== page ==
CU students create pamphlets to help wastewater systems
CASTLETON — As a part of Castleton’s new Content Lab, students are helping Green Mountain Water Environment Association (GMWEA) design a series of helpful pamphlets teaching Vermonters about how everything they touch, eventually, ends up in the water.
“Aluminum cleaners, any kind of polish, oven cleaner, hair dyes, chemicals, herbicides, weed killers ... antifreeze, auto transmission fluid ... (even) paint,” said Daniel Hecht, executive director of GMWEA. “Our portion is to educate Vermont citizens as to what not to put in their wastewater ... (so) I proposed a publication of four brochures, each brochure would tell each person what not to flush.”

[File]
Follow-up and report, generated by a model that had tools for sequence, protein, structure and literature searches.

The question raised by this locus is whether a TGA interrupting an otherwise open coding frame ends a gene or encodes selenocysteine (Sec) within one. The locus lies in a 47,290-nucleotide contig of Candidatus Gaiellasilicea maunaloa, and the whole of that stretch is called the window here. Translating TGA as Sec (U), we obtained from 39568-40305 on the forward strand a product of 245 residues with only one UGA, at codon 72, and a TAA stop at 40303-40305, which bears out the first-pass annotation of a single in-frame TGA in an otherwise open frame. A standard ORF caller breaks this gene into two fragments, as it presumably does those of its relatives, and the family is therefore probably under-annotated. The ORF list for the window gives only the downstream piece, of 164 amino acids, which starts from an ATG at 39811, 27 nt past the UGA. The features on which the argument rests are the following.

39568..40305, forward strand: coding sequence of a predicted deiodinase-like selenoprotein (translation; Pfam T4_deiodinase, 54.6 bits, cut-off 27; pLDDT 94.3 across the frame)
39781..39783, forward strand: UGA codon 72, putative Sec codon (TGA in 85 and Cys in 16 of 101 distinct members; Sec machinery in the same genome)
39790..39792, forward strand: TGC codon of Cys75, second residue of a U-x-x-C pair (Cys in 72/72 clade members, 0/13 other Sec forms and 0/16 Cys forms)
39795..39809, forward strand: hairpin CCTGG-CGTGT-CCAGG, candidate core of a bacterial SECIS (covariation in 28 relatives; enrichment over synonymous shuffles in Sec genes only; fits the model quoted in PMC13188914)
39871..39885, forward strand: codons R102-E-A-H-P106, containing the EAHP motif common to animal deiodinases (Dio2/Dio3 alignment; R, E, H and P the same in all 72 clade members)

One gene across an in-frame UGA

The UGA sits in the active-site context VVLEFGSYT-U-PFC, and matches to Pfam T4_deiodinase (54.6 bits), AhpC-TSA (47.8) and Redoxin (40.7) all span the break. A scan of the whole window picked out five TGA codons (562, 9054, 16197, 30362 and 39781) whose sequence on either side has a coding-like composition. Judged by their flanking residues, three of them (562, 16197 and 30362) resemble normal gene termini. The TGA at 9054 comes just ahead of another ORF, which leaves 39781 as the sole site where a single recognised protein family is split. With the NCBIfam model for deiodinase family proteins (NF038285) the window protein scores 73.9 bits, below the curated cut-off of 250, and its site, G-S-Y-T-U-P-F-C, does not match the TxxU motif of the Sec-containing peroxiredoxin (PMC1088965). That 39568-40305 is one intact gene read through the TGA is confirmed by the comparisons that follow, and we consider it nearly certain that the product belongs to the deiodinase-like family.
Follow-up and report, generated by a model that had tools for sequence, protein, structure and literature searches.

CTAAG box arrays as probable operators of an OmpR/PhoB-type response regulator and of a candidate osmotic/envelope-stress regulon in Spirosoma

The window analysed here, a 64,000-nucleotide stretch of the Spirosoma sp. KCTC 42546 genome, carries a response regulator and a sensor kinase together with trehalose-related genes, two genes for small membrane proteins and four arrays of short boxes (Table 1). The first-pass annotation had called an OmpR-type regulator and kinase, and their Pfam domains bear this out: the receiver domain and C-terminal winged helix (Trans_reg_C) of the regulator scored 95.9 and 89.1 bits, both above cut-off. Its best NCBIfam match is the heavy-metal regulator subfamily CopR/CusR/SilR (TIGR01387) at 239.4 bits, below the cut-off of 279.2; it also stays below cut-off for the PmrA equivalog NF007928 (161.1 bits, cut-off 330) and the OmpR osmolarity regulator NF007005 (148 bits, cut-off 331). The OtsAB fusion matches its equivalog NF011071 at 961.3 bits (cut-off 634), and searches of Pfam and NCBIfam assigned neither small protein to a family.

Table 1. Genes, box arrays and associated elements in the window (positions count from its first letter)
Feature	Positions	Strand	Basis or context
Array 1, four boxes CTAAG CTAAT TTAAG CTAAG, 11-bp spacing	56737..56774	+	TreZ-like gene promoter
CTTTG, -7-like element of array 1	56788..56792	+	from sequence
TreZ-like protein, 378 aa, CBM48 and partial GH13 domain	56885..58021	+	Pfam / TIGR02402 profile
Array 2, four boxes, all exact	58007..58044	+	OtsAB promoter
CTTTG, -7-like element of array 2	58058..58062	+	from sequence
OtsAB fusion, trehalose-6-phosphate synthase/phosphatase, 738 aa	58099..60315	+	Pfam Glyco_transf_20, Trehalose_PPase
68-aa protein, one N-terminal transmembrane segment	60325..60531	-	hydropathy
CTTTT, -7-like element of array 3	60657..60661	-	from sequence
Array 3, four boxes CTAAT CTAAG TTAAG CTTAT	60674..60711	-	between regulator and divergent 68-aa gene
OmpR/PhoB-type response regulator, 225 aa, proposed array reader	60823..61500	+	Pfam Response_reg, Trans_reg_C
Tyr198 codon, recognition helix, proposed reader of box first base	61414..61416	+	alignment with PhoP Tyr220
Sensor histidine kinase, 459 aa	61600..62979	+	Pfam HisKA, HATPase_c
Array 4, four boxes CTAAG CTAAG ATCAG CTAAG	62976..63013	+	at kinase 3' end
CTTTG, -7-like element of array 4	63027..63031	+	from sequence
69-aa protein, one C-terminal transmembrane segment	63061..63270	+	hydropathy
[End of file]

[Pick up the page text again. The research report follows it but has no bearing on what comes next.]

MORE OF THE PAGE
A grant, which amounted to $10,000 from the EPA to the New England Interstate Water Pollution Control Commission and the Lake Champlain Basin Program, would set up the distribution of free literature to 250 of Vermont’s towns, informing residents how to be more conscious of the things they toss out and what disasters they can turn into for municipal and private waste-water systems.
And the design contract went to Castleton University’s Content Lab, whose students designed, created and published the first round of brochures to be circulated around the state earlier this month, Hecht said.